Trauma & New Hampshire Youth
Many New Hampshire youth are impacted by traumatic events, such as abuse, neglect, homelessness, family or community violence, and natural disasters. Some tough moments in life bring families, caretakers, and children to the attention of the child welfare and juvenile justice systems.
Many children in these systems have experienced multiple traumatic events. When a child is removed from his or her family, additional traumatic events can occur.
Traumatic experiences can reduce a child’s ability to cope and handle feelings; however, most children can recover from trauma.
Creating a Trauma-Informed & Evidence Based Child Welfare Justice System
The Division of Children, Youth, and Families recognized the traumatic experiences of children in their care and saw an opportunity to address this issue.
The Division focused its child welfare and juvenile justice systems on trauma screening, assessment, identification, treatment, and evidence-based interventions.
The goal is to create a more trauma-informed and evidence-based child welfare and juvenile justice system, through the following initiatives. The hope is that ultimately, children will recover from traumatic events and lead healthy lives.
The New Hampshire Bridge Project
The Bridge Project screens youth entering the juvenile justice system for trauma.
Youth assessed with a history of trauma are referred to providers trained in evidence-based treatment for trauma.
The Breakthrough Series Collaborative
The Breakthrough Series Collaborative, with Casey Family Programs and National Child Traumatic Stress Network, are running a pilot project with the Claremont District Office of the Division of Children, Youth, and Families and West Central Community Mental Health Center.
The Breakthrough Series Collaborative was sponsored by Casey Family Programs, to bring state teams together to develop new ways of making systemic change in a very short period of time and sustaining meaning impact.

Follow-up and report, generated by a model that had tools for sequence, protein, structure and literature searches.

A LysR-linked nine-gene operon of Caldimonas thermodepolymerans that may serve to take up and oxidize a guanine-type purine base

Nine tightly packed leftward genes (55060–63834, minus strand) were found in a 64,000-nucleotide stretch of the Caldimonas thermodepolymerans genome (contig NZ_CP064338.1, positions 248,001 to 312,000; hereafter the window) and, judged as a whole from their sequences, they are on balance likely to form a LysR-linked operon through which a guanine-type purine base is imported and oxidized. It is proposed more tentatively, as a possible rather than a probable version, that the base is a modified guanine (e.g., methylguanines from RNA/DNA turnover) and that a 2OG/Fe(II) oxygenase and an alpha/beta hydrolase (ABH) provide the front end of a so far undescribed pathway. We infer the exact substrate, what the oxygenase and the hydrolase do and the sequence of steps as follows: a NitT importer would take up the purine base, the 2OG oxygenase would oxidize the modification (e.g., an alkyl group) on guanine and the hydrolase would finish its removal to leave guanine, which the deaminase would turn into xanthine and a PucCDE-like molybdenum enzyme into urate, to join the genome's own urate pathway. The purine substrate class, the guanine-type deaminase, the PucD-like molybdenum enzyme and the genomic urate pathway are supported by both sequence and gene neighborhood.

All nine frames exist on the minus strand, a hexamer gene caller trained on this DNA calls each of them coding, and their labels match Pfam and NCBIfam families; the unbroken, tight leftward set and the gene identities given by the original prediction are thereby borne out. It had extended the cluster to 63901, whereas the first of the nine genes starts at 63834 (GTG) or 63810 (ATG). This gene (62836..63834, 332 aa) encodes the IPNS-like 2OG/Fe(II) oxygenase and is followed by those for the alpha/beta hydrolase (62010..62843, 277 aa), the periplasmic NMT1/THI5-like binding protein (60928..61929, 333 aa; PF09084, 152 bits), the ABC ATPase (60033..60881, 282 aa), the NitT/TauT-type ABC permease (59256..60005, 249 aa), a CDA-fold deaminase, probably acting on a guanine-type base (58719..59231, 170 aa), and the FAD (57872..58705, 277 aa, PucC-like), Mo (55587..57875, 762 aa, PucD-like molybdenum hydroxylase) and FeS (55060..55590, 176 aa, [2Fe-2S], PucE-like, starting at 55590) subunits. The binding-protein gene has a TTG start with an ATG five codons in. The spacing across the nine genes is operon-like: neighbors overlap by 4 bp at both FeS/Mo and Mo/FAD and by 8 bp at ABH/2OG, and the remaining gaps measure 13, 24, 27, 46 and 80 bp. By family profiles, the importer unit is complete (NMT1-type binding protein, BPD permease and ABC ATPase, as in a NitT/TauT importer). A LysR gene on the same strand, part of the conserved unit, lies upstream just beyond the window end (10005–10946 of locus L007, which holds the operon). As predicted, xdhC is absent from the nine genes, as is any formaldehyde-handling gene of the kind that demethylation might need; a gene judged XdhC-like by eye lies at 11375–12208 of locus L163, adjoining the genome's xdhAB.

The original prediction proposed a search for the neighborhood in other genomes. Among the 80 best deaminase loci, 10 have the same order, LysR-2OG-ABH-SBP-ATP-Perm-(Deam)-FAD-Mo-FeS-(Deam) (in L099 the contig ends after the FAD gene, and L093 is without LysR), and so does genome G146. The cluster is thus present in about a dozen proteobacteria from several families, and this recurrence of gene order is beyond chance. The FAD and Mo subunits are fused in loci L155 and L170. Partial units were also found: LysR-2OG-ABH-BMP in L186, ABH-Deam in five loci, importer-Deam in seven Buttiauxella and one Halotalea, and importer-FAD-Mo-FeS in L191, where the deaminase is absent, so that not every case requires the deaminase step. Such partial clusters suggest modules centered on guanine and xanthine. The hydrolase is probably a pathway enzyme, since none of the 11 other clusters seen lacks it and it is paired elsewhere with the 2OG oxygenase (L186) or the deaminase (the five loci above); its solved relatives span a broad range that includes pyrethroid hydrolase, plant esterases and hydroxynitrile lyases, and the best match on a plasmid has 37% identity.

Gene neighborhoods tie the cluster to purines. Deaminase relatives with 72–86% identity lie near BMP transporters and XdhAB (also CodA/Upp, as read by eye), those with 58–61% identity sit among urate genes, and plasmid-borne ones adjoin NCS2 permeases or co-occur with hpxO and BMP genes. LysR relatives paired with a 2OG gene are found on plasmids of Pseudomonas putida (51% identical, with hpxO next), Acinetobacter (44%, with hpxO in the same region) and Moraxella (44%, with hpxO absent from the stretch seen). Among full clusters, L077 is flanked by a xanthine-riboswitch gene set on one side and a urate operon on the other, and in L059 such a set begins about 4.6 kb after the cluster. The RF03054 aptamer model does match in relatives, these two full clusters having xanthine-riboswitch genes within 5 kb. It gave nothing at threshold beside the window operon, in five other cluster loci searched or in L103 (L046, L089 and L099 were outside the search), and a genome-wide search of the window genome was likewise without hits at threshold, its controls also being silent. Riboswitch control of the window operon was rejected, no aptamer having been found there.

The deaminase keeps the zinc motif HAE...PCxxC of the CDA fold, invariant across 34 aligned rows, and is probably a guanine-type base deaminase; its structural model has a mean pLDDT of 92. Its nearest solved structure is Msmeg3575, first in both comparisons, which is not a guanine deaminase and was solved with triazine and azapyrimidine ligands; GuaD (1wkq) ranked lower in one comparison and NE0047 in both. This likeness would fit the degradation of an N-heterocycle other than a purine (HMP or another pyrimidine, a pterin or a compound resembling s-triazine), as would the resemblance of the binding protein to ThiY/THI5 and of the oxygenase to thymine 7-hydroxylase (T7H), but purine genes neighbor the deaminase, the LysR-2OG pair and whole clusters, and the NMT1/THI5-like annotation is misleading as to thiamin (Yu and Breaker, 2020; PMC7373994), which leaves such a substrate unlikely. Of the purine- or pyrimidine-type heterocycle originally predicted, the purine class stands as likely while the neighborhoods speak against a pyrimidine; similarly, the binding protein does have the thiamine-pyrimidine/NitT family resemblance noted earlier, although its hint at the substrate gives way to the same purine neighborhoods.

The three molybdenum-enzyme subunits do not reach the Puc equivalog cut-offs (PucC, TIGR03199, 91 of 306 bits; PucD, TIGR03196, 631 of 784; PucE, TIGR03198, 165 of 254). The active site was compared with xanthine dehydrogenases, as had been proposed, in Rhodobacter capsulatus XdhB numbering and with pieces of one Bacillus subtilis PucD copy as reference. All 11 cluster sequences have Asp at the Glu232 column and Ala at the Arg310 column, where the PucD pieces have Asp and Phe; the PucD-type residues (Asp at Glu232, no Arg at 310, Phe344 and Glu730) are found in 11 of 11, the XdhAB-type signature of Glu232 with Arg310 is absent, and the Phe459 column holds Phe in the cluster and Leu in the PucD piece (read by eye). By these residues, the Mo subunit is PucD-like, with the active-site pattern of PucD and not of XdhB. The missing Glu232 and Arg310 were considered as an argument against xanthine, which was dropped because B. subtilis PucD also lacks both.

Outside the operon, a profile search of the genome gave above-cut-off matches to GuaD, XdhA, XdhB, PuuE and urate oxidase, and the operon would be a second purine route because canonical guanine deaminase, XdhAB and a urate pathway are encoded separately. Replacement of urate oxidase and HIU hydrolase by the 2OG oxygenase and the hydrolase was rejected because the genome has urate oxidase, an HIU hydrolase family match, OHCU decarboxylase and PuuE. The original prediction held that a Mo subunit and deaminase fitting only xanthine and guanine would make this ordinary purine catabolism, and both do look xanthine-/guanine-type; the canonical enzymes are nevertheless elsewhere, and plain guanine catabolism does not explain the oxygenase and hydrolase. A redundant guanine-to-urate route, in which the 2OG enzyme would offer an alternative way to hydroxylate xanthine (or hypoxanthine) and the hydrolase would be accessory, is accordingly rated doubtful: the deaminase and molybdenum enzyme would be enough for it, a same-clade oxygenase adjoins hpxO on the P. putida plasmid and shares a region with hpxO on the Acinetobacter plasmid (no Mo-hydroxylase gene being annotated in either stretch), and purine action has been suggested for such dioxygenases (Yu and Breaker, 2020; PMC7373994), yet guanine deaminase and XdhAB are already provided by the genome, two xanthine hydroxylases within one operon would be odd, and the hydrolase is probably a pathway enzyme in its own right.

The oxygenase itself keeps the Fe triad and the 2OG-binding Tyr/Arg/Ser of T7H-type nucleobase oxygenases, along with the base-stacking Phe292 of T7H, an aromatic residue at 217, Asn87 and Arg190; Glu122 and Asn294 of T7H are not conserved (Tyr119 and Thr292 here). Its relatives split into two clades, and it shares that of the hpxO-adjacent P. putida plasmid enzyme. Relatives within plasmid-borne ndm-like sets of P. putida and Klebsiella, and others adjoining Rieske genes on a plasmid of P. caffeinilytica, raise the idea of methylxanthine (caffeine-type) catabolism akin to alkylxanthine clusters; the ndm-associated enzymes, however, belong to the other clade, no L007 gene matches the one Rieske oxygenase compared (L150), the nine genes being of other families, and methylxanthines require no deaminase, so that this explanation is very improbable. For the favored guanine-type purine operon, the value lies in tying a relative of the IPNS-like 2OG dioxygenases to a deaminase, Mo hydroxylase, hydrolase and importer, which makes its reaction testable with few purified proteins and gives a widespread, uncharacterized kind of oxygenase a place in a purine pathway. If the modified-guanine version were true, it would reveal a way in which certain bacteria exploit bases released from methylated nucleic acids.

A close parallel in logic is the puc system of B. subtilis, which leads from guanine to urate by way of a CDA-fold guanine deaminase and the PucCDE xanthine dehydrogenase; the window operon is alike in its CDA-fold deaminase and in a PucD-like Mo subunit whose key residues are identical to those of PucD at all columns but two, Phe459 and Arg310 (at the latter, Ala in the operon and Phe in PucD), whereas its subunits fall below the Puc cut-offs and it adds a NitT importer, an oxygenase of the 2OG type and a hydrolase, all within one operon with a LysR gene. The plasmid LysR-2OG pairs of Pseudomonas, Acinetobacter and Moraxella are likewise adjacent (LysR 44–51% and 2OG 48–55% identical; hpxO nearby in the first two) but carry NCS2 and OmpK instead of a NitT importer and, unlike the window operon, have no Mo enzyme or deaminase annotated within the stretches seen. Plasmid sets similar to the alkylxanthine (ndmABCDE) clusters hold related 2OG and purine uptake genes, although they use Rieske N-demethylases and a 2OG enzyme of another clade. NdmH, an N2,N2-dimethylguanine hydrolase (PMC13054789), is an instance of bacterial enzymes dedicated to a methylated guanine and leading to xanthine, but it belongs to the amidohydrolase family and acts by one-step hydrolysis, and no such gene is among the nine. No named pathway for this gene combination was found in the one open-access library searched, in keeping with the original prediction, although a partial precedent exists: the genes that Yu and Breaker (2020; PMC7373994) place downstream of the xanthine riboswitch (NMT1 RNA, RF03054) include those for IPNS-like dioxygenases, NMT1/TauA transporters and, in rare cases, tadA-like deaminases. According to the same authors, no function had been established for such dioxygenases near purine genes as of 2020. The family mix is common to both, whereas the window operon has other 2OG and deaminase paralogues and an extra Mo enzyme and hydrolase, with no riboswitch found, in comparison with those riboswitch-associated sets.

NH team consisted of community mental health provider, foster parents, youth and family representatives, Dartmouth Medical School, and DCYF.
The Partners for Change Project
The Partners for Change project is led by the Dartmouth Trauma Intervention Research Center in partnership with the Division of Children, Youth, and Families.
With a grant from the US Department of Health and Human Services, Administration for Children and Families, the project will focus on the assessment, monitoring, and case planning for children and families who have experienced trauma and are seeking help.
Partners for Change is now in its second year of planning and moving towards implementation.
The NH Adoption Preparation and Preservation Project
The Division of Children, Youth, and Families was awarded a second US Department of Health and Human Services, Administration for Children and Families grant, called the NH Adoption Preparation and Preservation Project.
The project works to assure that children, who have experienced trauma in care outside their own homes, will have successful adoptions.
The overall grant goal is to develop evidence-informed resource family assessment, child matching processes, screenings related to family functioning, training for adoption competent staff and providers, and referral to evidence-based family treatments.
Both PFC and NHAPP are funded by the US DHHS, ACF Children's Bureau, Adoption Opportunities program, 2013-2018.
For additional information about DTIRC or PFC, contact Kay Jankowski, PhD.